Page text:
Currently I’m reading a collection of essays by the National Book Award winner and genius grant recipient Ta-Nehisi Coates. Many people view Coates, a writer for The Atlantic, as political, but I’ve heard him speak, and he repeatedly emphasizes that he is a writer above all else. He is an observer and he shares his observations with the world, and we can draw valuable writing tips from his work.
3 Writing Tips Culled From the Reflections of a Genius
Coates’s book We Were Eight Years in Power consists of articles he wrote during the Obama years, each of which are preceded by Coates’s retrospective reflections on those essays.
As a fellow writer, I was enthralled by those reflections. Here was an anointed “genius” expressing his doubts and self-critiques. There’s something fascinating about watching a successful writer still cringe at the very works that gave him that success.
Given all that, I had to share some of my takeaways, writing tips drawn from Coates’s self-reflections. Here they are:
Before anyone knew who Coates was, he blogged. And he did so solely because he had many ideas and no where to put them. He posted four or five times a day, and over time people (besides his Dad) started reading it. They offered comments and suggested other books and philosophers for him to check out. Eventually the blog drew the attention of The Atlantic.
Writers write. But they also allow others to read and critique what they have written—because it’s the only way to get better.
That’s where blogs (or even the comments of The Write Practice articles) come in.
Coates used his blog to get out ideas out of his head and heart, and was open to the comments of others. Many of these posts even served as the starting points for articles he later published in The Atlantic and elsewhere.
Try blogging (or commenting) to test out new techniques, attempt to write in new genres, or to simply workshop certain pieces or ideas. Who knows? You may get the attention of a prominent magazine. 😉
2. Reflect on past work
It was really, really, really interesting for me to see Coates look at an essay he wrote three years ago, think about where he was in his life, and then consider whether he successfully executed his idea or not.
For example, Coates describes a 2004 article he wrote about Bill Cosby as an “attempt”: “I felt myself trying to write a feeling, something dreamlike and intangible that lived in my head, and in my head is where at least half of it remained.” He also admits that he heard about the accusations against the comedian, but chose not to go there. He says that decision made the article less true.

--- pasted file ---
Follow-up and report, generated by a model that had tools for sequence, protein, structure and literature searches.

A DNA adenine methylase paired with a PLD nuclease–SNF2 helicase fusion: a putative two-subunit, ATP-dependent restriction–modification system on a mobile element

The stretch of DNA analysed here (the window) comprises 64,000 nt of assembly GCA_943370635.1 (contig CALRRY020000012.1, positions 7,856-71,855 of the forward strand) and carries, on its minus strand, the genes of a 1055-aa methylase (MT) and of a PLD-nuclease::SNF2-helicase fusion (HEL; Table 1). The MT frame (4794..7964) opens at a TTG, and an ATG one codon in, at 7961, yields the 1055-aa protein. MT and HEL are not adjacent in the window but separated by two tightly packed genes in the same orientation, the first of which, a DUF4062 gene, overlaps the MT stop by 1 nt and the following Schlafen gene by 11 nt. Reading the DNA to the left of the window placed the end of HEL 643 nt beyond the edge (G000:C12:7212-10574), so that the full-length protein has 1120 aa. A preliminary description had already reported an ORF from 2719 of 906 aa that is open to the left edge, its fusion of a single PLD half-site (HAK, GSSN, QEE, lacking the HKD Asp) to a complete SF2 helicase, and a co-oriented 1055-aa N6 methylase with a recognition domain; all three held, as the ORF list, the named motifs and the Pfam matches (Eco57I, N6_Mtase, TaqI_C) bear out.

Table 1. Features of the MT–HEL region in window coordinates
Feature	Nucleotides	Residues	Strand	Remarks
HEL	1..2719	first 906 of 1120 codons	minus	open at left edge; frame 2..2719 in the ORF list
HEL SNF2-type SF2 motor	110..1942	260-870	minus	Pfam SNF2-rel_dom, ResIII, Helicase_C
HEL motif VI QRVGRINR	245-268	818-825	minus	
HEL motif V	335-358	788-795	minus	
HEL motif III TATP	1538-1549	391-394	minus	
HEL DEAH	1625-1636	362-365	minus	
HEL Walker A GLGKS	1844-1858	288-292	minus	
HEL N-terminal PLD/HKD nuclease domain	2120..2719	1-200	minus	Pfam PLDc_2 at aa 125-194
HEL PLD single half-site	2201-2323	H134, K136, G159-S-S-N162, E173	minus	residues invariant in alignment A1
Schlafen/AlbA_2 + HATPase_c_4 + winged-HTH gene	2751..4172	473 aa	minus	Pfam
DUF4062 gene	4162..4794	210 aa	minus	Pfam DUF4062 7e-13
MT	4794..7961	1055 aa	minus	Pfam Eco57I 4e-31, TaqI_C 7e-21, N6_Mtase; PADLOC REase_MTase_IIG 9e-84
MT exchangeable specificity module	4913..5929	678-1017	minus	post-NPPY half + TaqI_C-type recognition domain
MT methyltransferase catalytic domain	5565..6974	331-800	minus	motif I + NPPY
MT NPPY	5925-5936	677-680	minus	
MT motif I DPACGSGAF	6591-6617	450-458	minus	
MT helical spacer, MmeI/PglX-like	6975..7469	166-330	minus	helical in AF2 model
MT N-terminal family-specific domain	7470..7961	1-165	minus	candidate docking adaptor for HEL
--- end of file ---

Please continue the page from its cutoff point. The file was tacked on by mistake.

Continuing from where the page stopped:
Nine times out of ten when I publish something, I’m done with it forever. I rarely return to past work. But maybe I should. In preparing Eight Years, Coates was able to both reflect upon his weakness in a dispassionate way and appreciate his growth.
As writers, we constantly question ourselves and think our work could be better. But perhaps this self-critique would be more useful to us if we allowed some time to pass first.
3. Seize your moment
Coates says he’s know as a “black writer.” Yes, he’s black, but he also writes about black American issues, specifically. So the election of Barack Obama was directly life changing for him. In other words, it was his moment. Coates writes:
“The fact of Barack Obama, of Michelle Obama, changed our lives. Their very existence opened a market. It is important to say this, to say it in this ugly, inelegant way. It is important to remember the inconsequence of one’s talent and hard work and the incredible and unmatched sway of luck and fate.”
If you find that, after years of setbacks and failure, the world is suddenly ready to hear your voice—speak. Write.
More importantly, pay attention so that you don’t miss the opportunity. As Coates “inelegantly” points out—timing can be just as important as talent and hard work.
What is your unique market? What hole do you fill with your writing?
Your Ideas Can Change the World
Writing is our opportunity to share our observations with the world. Want to influence others with your stories and ideas? Share your work boldly and invite response and critique. Reflect on past work after a few months or years have passed so you can view it through the lens of your personal growth.
Then, when your moment of recognition comes, you’ll be ready to seize it.
And your words will change the world.
Have you read Coates’s writing or heard him speak? What other writing tips can you draw from his work? Let us know in the comments.
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